I hate that I believe the sentence I’m about to write. It undermines much of what I spend my life trying to do. But there is nothing more overrated in politics – and perhaps in life – than the power of persuasion.
It is nearly impossible to convince people of what they don’t want to believe. Decades of work in psychology attest to this truth, as does most everything in our politics and most of our everyday experience.
Think of your own conversations with your family or your colleagues. How often have you really persuaded someone to abandon a strongly held belief or preference?
Persuasion is by no means impossible or unimportant, but on electric topics, it is a marginal phenomenon. Which brings me to the difficult choice we face on coronavirus vaccinations. The conventional wisdom is that there is some argument, yet unmade and perhaps undiscovered, that will change the minds of the roughly 30 per cent of American adults who haven’t got at least one dose. There probably isn’t.
The unvaccinated often hold their views strongly, and many are making considered, cost-benefit calculations given how they weigh the risks of the virus, and the information sources they trust to inform them of those risks. For all the exhortations to respect their concerns, there is a deep condescension in believing that we’re smart enough to discover or invent some appeal they haven’t yet heard.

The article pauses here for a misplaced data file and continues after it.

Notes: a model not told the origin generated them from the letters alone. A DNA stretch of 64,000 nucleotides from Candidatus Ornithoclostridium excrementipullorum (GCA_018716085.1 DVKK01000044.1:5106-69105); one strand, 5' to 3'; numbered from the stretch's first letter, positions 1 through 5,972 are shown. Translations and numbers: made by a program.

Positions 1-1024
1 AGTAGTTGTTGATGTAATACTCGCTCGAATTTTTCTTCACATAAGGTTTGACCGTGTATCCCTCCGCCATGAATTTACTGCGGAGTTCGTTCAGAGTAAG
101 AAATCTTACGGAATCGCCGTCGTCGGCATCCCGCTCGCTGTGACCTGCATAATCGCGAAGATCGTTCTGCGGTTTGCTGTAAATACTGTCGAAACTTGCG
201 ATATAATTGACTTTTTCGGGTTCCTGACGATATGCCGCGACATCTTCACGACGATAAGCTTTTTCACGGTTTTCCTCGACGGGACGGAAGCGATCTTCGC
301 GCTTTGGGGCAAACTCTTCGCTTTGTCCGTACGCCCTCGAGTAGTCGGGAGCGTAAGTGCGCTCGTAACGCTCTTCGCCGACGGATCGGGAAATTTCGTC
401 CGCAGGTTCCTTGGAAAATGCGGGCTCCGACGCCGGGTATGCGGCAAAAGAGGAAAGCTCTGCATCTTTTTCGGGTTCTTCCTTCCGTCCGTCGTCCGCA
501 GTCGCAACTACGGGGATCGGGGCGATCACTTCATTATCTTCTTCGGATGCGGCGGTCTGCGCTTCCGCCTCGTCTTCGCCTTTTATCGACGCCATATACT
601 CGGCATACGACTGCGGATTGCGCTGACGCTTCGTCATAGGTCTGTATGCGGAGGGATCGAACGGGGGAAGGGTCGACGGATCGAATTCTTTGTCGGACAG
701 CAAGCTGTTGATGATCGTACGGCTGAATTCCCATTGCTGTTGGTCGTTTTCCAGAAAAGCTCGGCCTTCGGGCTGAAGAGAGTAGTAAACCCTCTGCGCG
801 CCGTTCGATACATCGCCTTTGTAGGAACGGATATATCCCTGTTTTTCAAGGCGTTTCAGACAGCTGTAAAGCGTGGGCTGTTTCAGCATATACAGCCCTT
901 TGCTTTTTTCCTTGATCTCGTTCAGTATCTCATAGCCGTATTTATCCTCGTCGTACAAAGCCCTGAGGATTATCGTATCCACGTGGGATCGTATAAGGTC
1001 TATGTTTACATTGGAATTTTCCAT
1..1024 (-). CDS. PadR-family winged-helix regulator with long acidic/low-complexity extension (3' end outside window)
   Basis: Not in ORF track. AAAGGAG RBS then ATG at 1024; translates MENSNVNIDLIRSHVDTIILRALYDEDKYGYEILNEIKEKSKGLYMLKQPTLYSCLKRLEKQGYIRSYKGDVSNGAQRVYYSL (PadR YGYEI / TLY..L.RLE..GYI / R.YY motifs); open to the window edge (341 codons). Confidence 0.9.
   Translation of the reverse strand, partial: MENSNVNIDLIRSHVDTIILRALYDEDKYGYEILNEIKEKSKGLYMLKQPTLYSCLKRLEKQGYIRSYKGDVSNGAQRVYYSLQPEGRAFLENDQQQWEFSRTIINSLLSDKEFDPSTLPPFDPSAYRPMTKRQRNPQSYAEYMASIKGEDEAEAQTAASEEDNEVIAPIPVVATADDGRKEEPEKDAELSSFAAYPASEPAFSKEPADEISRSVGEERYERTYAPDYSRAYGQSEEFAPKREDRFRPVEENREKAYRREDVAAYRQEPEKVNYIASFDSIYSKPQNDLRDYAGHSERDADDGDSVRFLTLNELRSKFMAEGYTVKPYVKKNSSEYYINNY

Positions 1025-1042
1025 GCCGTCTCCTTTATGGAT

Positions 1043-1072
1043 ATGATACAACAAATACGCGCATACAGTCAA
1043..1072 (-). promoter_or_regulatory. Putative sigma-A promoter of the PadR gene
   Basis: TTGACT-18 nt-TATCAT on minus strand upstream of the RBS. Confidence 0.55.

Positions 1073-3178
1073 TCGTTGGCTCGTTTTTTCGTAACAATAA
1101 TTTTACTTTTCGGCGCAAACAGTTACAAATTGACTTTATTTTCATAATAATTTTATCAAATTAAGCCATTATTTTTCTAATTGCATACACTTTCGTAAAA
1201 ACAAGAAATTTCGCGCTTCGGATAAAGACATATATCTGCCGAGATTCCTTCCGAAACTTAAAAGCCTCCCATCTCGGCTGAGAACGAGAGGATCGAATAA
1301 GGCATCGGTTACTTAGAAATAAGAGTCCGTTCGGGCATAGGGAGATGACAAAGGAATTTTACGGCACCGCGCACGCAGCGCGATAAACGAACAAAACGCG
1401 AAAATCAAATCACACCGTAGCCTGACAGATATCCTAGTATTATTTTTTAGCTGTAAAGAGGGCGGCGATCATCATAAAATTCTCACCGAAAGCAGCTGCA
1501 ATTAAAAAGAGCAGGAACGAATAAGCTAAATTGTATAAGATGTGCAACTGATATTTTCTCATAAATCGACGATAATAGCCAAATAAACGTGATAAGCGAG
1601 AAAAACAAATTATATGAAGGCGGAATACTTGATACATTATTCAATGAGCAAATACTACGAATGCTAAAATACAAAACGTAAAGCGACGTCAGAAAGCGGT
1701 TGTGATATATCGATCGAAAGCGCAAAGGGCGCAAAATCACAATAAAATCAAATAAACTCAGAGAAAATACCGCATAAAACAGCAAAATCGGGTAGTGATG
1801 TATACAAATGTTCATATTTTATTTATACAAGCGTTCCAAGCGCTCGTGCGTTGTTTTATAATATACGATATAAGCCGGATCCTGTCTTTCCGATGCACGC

If policymakers want to change their minds, they have to change their calculations by raising the costs of remaining unvaccinated, the benefits of getting vaccinated, or both. If they can’t do that, or won’t, the vaccination effort will most likely remain stuck – at least until a variant wreaks sufficient carnage to change the calculus.
You can see the weakness of persuasion in the eerie stability of vaccination preferences. The Kaiser Family Foundation has been surveying Americans about their vaccination intentions since December. At that time, 15 per cent said they would “definitely” refuse to get vaccinated, 9 per cent said they would get a shot “only if required”, and 39 per cent wanted to “wait and see”.